NONFICTION WRITER, EMILY MALONEY
Emily Maloney, recently picked up for publication in Best American Nonfiction, is also searching for an intern to assist with her an upcoming essay collection. Emily is looking for someone who can help for a few hours a week with research and organization of the research. The book is about healthcare in the US and treatment of patients, so any students interested in doing research about science, particularly the health industry, would be ideal, as well as help with organizing folders/PDFs in Dropbox, etc. Emily also needs to update her website and will be sending out one newsletter update to those on her mailing list.
The position is time flexible. To apply send Emily a writing sample and resume at email@example.com.
NONFICTION WRITERS, ALEXANDRA MURPHY & KATHY GRANT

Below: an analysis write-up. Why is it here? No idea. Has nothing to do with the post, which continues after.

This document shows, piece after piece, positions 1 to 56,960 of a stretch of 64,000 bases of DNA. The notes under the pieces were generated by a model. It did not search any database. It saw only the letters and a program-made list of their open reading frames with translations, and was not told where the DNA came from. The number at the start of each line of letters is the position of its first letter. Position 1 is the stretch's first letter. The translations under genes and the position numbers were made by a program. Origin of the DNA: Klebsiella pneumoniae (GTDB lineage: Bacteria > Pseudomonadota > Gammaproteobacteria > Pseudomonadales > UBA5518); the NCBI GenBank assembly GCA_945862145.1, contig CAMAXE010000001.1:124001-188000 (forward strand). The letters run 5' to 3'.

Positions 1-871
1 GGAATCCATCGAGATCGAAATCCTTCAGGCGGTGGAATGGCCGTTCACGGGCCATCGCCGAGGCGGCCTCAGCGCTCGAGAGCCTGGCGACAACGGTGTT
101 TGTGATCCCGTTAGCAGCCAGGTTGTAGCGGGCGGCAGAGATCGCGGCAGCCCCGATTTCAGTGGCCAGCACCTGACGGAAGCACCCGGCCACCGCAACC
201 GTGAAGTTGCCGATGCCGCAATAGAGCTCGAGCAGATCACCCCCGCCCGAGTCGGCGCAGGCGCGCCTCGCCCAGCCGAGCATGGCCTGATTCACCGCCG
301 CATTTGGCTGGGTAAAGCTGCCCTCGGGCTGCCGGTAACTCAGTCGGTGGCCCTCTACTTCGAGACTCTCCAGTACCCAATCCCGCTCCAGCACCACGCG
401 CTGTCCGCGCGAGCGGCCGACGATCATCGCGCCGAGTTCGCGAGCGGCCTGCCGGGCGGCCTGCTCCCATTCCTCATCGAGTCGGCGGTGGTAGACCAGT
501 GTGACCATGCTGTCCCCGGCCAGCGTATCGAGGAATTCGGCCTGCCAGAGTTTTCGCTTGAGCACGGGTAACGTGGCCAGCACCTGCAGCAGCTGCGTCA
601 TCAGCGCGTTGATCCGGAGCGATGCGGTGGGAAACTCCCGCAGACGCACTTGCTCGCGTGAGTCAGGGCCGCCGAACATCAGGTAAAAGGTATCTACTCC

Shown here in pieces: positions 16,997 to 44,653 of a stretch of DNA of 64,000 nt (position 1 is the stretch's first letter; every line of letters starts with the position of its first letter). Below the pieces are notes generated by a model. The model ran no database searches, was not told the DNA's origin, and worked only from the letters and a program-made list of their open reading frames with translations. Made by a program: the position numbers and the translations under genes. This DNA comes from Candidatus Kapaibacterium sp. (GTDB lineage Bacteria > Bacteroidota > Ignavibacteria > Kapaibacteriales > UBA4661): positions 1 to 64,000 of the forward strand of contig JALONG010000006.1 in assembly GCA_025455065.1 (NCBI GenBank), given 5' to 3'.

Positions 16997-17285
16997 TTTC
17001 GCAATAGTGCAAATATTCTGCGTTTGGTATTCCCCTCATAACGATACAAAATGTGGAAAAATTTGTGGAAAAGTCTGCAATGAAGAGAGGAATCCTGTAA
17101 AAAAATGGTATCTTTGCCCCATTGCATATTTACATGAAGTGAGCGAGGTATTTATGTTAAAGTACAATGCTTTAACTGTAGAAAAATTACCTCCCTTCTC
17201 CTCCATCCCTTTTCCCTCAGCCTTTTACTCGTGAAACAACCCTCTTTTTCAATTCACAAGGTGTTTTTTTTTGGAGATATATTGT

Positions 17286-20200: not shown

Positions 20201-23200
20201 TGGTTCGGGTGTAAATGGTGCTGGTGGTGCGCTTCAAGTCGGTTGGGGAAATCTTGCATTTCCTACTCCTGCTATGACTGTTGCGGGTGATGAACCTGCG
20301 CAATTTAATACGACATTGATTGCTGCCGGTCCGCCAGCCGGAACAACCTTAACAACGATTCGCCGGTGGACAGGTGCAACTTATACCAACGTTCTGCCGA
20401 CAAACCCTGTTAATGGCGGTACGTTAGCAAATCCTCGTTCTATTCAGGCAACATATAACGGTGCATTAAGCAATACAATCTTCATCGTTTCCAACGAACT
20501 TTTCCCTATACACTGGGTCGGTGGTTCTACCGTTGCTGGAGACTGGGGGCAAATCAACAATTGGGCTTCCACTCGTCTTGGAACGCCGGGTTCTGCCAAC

Kathryn Grant, PhD, Psychology and Alexandra Murphy, PhD, Communication Studies, are DePaul faculty member looking for an intern to support their work on a popular nonfiction book for mothers of tweenage daughters called, “Mommyology: The Science of Raising Tween Girls.” The authors are currently under contract with a nonfiction book agent and will be revising the proposal and writing a sample chapter in preparation for the agent to sell to interested publishers by early Fall. This internship would be ideal for someone interested in learning more about the nonfiction publishing process and conducting background research and interviews on the topic area. The expected work would average 10 hours/week for 10 weeks. Interested parties can contact Alexandra Murphy at firstname.lastname@example.org.